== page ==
Effect of galls induced by Endocronartium harknessii on stem hydraulic conductivity and growth of lodgepole pine
To test the hypothesis that galls resulting from infection by western gall rust [Endocronartium harknessii (J. P. Moore) Y. Hiratsuka] on lodgepole pine [Pinus contorta Dougl. ex Loud.] create hydraulic constrictions that reduce tree growth, the hydraulic conductivity (Kψ; m2 s−1 Pa−1), leaf area (AL) and sapwood area (AS) were measured on 6- to 15-year-old trees having galls encircling 0–100% of the stem. Increases in gall encirclement were accompanied by decreases in Kψ, foliar nitrogen concentration, AL and AS, although the AL:AS ratio remained constant. Dye flow patterns through galled stem sections indicated that water moved primarily through the non-galled portions of the stem. In a second field study, xylem and phloem wounds were applied to 13-year-old galled and non-galled trees on either the galled or non-galled side of the tree. Although both galls and xylem wounds reduced Kψ, radial and height growth were unaffected. In aggregate the two experiments showed that although trees are quite tolerant to small galls and short term reductions in Kψ, the disruption of water movement by larger galls may be sufficient to initiate a chain of events leading to tree death, especially in very dense stands with high levels of intraspecific competition.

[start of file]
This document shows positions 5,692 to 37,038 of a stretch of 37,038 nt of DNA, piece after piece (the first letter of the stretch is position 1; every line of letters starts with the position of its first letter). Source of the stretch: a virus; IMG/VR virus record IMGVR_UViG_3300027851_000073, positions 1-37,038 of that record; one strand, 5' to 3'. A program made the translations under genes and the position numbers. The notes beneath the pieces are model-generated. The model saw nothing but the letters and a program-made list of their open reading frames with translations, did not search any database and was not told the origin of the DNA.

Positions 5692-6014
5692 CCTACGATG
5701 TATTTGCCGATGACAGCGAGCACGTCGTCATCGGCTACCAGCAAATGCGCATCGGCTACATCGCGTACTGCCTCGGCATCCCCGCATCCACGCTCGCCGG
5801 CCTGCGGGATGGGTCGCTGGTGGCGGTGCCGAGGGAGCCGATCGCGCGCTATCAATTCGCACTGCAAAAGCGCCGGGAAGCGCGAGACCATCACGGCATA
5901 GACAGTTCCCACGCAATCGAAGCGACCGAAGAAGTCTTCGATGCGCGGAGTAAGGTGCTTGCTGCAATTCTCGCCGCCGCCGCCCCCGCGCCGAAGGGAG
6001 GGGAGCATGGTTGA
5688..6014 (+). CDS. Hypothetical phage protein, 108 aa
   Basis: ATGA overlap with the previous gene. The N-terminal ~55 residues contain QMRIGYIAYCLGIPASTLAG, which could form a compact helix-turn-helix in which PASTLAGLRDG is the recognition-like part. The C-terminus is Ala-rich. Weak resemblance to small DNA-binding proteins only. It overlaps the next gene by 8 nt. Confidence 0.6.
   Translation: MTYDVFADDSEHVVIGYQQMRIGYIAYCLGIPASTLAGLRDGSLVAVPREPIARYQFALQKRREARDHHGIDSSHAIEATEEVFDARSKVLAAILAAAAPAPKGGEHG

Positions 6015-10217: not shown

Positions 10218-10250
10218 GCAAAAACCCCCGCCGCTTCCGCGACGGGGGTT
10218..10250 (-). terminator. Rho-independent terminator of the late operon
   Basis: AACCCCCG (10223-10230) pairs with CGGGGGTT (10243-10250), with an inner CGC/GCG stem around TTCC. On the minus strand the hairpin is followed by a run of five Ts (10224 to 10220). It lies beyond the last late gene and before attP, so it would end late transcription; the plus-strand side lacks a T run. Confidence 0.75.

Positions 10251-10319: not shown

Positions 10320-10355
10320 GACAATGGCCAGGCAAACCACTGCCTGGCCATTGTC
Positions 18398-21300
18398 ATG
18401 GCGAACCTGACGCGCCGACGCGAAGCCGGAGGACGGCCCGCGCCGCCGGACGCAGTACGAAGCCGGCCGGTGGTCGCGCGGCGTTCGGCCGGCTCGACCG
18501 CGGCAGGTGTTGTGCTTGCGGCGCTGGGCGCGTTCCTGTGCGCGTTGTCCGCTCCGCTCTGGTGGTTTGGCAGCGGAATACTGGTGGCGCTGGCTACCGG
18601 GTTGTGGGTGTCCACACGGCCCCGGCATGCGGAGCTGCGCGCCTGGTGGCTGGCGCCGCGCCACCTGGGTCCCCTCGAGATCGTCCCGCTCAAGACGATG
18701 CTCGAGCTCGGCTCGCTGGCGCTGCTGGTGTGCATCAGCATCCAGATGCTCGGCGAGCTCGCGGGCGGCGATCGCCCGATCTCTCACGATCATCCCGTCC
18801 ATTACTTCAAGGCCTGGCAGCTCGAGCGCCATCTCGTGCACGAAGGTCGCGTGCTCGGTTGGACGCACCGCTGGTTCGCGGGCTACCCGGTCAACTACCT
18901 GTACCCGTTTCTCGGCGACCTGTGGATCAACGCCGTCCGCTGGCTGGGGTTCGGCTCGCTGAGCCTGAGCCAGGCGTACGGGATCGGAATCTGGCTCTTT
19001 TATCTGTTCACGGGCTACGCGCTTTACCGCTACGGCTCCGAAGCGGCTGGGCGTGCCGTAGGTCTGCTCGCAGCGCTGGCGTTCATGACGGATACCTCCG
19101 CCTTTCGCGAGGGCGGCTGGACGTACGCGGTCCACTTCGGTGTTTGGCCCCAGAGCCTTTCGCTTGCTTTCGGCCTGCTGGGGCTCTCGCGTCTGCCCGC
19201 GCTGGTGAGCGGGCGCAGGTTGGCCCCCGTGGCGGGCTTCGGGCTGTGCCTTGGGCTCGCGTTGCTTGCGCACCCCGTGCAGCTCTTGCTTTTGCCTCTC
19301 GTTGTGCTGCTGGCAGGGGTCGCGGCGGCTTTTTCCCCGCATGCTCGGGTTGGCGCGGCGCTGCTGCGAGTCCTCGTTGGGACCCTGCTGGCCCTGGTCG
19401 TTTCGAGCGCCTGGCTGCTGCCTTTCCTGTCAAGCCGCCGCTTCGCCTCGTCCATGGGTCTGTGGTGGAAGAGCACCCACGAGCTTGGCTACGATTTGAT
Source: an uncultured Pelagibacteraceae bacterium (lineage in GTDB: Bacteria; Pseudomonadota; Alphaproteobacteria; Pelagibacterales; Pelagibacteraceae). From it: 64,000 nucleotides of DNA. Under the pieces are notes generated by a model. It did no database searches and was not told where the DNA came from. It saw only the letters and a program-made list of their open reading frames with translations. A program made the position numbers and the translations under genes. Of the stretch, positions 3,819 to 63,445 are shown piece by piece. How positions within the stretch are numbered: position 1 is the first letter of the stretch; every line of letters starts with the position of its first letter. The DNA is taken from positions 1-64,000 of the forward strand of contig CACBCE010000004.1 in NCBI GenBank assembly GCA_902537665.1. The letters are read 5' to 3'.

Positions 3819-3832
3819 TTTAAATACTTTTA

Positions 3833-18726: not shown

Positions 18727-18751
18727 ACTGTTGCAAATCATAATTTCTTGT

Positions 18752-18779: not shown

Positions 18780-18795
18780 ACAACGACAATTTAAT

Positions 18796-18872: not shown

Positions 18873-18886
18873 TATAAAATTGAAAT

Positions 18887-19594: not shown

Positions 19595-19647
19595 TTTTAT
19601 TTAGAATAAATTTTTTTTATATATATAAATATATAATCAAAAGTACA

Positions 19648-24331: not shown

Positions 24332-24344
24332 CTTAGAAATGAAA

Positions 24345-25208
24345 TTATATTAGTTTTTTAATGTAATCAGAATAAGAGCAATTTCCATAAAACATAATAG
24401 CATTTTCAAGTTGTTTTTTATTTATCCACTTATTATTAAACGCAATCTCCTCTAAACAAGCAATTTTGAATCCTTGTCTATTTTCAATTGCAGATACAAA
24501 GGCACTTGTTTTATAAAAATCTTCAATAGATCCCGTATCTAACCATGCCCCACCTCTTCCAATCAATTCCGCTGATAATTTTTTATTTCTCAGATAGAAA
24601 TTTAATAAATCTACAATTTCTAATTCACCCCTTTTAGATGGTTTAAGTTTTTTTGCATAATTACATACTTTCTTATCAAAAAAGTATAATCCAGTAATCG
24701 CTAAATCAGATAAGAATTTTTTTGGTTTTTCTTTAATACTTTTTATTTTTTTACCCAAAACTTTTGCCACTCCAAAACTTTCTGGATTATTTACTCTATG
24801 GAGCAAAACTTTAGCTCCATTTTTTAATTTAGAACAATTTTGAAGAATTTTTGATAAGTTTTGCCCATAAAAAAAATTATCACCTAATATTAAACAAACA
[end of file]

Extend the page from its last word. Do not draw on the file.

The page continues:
Document Type: Research Article
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Publication date: February 1, 2011